Lessons for America from Germany's Hyperinflation -Part 1-
Written By: Jim Powell | Posted: Monday, September 13th, 2010
Many Americans may be inclined to assume that Germans were barbaric because they supported Hitler, and whatever happened there couldn't possibly apply to the United States. But the Germans have had much more in common with Americans than we might realize.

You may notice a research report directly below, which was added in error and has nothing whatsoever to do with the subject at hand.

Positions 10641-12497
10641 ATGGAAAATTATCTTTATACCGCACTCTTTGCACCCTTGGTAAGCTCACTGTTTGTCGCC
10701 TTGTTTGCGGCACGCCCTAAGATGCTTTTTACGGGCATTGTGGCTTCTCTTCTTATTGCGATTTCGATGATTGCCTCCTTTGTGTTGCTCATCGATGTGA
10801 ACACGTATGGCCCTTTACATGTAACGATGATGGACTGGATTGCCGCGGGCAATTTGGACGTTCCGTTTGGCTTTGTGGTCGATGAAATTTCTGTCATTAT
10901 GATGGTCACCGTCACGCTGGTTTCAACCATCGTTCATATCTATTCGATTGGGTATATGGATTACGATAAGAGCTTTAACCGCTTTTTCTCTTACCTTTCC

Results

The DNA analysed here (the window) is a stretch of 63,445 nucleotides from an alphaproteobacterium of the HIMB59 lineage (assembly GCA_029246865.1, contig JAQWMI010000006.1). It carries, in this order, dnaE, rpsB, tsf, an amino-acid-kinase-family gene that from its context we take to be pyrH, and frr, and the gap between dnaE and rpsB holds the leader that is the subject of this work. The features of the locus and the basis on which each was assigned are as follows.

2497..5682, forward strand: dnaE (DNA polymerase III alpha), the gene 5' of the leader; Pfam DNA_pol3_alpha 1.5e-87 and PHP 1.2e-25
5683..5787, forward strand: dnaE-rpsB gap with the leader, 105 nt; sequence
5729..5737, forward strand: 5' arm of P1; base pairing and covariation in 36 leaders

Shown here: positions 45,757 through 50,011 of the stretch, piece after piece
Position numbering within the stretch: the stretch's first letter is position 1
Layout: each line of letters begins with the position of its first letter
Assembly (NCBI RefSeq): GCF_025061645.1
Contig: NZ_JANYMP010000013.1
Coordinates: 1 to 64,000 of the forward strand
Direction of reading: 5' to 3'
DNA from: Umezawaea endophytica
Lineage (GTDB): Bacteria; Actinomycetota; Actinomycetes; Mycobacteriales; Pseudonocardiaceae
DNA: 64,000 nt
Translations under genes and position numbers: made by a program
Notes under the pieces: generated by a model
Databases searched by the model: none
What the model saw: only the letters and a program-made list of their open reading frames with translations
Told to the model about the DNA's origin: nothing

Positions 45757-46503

Germans were educated and industrious. Germany had world-class universities. Germans long led the world in scientific achievement. Many German companies were highly efficient producers. German immigrants contributed a great deal to American cultural life, including kindergartens, gymnasiums, picnics, hamburgers, hot dogs, and Christmas trees. The long list of notable Germans or persons of German descent in America includes historian Hannah Arendt, astronaut Neil Armstrong, dancer Fred Astaire, Wizard of Oz author L. Frank Baum, landscape painter Albert Bierstadt, brewer Adolphus Busch, actor Tom Cruise, singer John Denver, entertainment entrepreneur Walt Disney, movie reviewer Roger Ebert, Life magazine photographer Albert Eisenstadt, physicist Albert Einstein, New York Yankee legend Lou Gehrig, condiment king Henry J. Heinz, hotelier Conrad Hilton, comedian David Letterman, novelist Thomas Mann, dishwasher entrepreneur Frederick Maytag, journalist H.L. Mencken, movie director Mike Nichols, political cartoonist Thomas Nast, New York Times publisher Adolph Ochs, pharmaceutical entrepreneur Charles Pfizer, pioneering modern architect Ludwig Mies van der Rohe, slugger Babe Ruth, cartoonist Charles M. Schulz, novelist John Steinbeck, piano maker Henry E. Steinway, blue jeans peddler Levi Strauss, real-estate wheeler-dealer Donald Trump, and electrical industry pioneer George Westinghouse. Despite hideous things that happened in Germany during the 1930s and 1940s, we are part of a common civilization and should recognize that what happened there could happen here.
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